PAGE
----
The verdict is not a surprise. Mead Johnson is a recalcitrant marketer that has deliberately tempted fate in two previous lawsuits and in a proceeding before the National Advertising Division of the Council of Better Business Bureaus, a sort of advertising industry police force. BNET noted in May that Mead doesn't seem to care whether its ads tell the truth or not, which is not a good reputation for a baby brand to have. Its advertising agency is Saatchi & Saatchi.
The judge's order in the case gives some clues as to why Mead embarked on its kamikaze mission. The company was desperate, the judge said:
Mead Johnson consciously decided that its marketing should be more aggressive and risky as it witnessed a decrease in its sales and an increase in store brand sales. ... The 2008 Mailer and its attack on store brands was the result of that marketing decision.Mead is now banned from saying things such as "It may be tempting to try a less expensive store brand, but only Enfamil LIPIL is clinically proven to improve brain and eye development," or "There are plenty of other ways to save on baby expenses without cutting back on nutrition."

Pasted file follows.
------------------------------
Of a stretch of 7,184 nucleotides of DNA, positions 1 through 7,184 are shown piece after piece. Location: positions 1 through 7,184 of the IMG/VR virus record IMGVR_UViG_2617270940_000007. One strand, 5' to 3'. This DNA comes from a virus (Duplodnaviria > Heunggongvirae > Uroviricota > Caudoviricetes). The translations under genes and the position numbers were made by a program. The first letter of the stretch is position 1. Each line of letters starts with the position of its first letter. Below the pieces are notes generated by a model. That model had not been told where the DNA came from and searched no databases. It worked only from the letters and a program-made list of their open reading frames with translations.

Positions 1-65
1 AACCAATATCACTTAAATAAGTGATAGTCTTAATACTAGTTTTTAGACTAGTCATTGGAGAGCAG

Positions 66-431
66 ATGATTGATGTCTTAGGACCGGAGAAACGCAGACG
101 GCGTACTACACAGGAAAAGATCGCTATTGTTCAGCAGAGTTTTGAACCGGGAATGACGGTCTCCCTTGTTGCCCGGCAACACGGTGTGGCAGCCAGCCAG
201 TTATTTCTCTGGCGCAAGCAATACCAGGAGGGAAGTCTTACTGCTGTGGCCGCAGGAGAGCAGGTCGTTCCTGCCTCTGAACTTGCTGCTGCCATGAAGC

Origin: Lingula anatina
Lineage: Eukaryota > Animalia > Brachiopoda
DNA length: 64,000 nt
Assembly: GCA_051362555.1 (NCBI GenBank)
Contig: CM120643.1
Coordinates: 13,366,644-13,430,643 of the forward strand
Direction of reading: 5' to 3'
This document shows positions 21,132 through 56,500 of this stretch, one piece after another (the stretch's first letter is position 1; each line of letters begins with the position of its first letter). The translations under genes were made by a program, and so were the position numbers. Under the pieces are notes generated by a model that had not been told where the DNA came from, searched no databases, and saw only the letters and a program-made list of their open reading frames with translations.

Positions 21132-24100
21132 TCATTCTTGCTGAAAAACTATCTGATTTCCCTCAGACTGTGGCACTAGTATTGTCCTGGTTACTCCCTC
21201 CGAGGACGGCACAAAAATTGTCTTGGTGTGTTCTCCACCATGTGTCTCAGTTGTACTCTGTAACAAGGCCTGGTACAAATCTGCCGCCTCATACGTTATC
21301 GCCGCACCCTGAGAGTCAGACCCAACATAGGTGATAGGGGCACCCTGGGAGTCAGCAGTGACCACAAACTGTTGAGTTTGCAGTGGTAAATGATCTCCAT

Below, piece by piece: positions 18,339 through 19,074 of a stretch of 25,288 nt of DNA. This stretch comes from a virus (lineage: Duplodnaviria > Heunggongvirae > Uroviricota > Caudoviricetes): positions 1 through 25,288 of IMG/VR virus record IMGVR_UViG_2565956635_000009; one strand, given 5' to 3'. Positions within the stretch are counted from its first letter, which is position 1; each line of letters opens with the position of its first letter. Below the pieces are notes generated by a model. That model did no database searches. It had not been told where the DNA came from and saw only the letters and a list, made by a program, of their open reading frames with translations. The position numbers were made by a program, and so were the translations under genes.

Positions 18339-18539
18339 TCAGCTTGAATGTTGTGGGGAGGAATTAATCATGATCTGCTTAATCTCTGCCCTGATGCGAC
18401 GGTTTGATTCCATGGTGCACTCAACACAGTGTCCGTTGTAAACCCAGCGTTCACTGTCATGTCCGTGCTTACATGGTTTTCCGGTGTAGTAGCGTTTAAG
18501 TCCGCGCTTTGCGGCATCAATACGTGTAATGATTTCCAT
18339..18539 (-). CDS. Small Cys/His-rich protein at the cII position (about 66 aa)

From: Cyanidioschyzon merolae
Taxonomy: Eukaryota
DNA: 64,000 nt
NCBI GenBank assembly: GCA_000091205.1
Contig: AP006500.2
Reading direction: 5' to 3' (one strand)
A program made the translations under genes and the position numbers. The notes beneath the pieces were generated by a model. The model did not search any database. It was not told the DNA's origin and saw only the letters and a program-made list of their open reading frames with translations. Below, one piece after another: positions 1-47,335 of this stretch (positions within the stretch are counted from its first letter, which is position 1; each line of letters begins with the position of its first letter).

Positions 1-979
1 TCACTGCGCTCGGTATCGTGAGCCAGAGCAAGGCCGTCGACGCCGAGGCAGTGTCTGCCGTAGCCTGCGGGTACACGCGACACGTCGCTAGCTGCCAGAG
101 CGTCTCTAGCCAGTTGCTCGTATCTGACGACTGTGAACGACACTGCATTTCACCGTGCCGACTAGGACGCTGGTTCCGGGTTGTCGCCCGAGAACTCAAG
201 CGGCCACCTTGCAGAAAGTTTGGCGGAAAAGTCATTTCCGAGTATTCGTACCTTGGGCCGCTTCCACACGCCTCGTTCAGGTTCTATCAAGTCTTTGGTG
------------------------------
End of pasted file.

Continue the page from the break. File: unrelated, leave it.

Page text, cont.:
It had previously advertised Enfamil with print ads and a Web site that featured an alarming blurry picture of a cartoon duck, which suggested feeding infants anything but Enfamil will result in reduced vision and brain development. (Read PBM's complaint here.)
The next question is whether Mead will ignore the judicial process a fourth time as it attempts to boost its sagging Enfamil brand. Abbott Labs (ABT) is also suing the company for similar reasons. And the FTC may take action against Mead for false advertising. Mead was referred to the FTC for action by NAD in February.